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NC State and Mansfield City Schools Expand Partnership

Dorey Diab, Cheryl Carter, Renda Cline, Brian Garverick, Robert McQuate

Mansfield, OH - This summer, the Ohio Department of Education awarded an Innovation Grant for two urban high schools to develop closer partnerships with their local Community College. Those awards were given to Marion Technical College to collaborate with Marion City Schools, and Mansfield City Schools to partner more closely with North Central State College.

The proposal submitted, titled “Scaling the Graduate Pathways to Success” (GPS), builds on a model Marion Technical College and Marion City Schools began in 2015. The GPS program allows students to complete an associate degree while also meeting the requirements for high school graduation. It uses the College Credit Plus model for dual enrollment in both high school and college courses, so the students graduate from high school, and receive an associate degree, without incurring college debt.

Participants in the GPS program enter at the end of their 8th grade school year and continue in the program throughout all four years of high school. These educational pathways are aligned with in-demand careers which meet the needs of local employers. The Mansfield City Schools/NC State partnership will begin with a program to meet the growing need for qualified healthcare professionals and/or manufacturing.

“Our goal is to enroll 25 freshmen for the Fall 2018 school year. These students will be the first in Mansfield to embark on their Graduate Pathway to Success,” said Dr. Dorey Diab, president of NC State. “Classes will remain at the high school. In the past, we’ve operated at the Urban Center in downtown Mansfield. We’ve decided to take these classes to the students, instead of them coming to our center.”

Mansfield City Schools Superintendent Brian Garverick said he and Dr. Jose Hernandez, Mansfield Senior High principal, are eager to have students involved in GPS.

“We have students who are ready for this challenge and who will succeed in this program. It is a wonderful opportunity for them to secure a debt-free associate degree before they leave Senior High,” Garverick said.

“This is another outstanding benefit of our continuing partnership with NC State. I look forward to working with our families, Dr. Diab and the college as we help our students along this pathway to success.”

Cheryl Carter, director of the Urban Center and Outreach for NC State, will work with the school staff to identify students in the middle school who are ready to make the most of this opportunity that has many worthwhile rewards. She stated “Imagine having students graduating from high school with an associate degree and job opportunity. That’s a ticket to a meaningful career where they can make a good living; and two years of college credit which will save them thousands of dollars, including if they transfer for an advanced degree. I expect some of these students will do both – go to work at a local hospital and pursue their bachelor’s degrees too.”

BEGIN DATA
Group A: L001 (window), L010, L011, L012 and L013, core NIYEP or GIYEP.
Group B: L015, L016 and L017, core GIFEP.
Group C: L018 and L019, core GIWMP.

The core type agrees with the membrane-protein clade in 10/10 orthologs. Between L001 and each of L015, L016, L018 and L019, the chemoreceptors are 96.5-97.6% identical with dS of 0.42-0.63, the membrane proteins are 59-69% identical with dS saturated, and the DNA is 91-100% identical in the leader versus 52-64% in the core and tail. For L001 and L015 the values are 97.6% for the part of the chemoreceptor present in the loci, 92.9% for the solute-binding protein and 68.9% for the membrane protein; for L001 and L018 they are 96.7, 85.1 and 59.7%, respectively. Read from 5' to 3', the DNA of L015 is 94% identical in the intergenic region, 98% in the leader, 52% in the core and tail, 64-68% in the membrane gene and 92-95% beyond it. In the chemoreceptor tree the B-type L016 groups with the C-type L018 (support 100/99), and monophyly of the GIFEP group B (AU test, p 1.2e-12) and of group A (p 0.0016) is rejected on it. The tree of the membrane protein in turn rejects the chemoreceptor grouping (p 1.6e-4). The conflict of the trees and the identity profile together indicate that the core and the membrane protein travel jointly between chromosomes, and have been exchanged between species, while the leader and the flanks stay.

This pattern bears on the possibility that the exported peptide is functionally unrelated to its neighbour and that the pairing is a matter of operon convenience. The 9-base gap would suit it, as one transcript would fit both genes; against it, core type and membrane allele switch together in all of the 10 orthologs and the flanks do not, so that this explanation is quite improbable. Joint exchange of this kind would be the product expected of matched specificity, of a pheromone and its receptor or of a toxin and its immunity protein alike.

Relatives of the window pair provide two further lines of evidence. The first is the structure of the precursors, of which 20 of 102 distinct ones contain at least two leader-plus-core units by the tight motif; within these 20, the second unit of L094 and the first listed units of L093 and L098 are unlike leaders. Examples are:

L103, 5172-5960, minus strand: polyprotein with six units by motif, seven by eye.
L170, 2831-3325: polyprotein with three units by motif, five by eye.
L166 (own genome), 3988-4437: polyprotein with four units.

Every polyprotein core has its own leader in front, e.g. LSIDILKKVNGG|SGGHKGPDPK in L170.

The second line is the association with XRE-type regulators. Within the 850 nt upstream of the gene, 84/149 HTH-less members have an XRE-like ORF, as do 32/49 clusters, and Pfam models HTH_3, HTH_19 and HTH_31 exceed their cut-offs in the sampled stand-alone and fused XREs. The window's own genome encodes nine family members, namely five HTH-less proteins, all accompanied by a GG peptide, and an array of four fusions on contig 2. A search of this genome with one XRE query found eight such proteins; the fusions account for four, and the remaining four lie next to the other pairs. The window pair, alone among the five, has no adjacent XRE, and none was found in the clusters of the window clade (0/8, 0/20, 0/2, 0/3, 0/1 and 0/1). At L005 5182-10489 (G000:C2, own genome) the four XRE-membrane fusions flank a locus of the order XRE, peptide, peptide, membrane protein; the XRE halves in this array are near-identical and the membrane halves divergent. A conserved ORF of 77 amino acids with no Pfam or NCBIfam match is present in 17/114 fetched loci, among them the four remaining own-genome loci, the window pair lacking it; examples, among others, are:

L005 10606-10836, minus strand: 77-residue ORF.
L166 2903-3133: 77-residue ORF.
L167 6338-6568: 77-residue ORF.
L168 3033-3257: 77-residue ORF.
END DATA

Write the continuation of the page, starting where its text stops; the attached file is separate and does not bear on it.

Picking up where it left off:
Ms. Carter will devote 100% of her time to the school, for the recruitment of GPS students, and helping students throughout Mansfield Senior High explore their options to continue their higher education. While classes will not be delivered at the Urban Center starting Spring of 2018, the college is actively seeking partners who would like to lease and use the Urban Center location for new opportunities.

Diab believes the time is right to make the transition. “Six years ago, our students wanted a place to attend classes, so we opened the Urban Center. Now more students are taking classes online or like these students at Mansfield Senior, taking classes in their high school. NC State College is committed to raising educational attainment in our community. This shift in resources is evidence of that commitment. We’re aligning our resources to meet the changing needs of our students. We’re bringing the college to them because that’s where they’re at. So we need to be there too.”

“We’ve been discussing how to reach more students who could benefit from additional education. This GPS grant from the State of Ohio provides an opportunity to change the way we deliver education. This is another exploration of how we might be more flexible as an institution, and not so reliant on bricks and mortar. We’re changing the way we’re thinking about education because our students are changing the way they’re learning.”

About the Guided Pathways Program

This GPS Program primarily addresses two issues faced by the Marion and Mansfield Communities: low post-secondary degree attainment rate and concerns expressed by employers about a lack of qualified workers. Other problems addressed include poverty and the low academic success rate of economically disadvantaged students. The goal of the project is to recruit 25 students the first year, and 25 additional students each year thereafter while retaining at least 20 of the students from year to year.

This project is a long-term, systematic approach to one of many issues facing our community. Over time, the success of this project will be measured by an improvement in key economic indicators among them: employment, median household income for graduates, the percentage of persons with a post-secondary degree, and high school graduation rates. 

 

 

 

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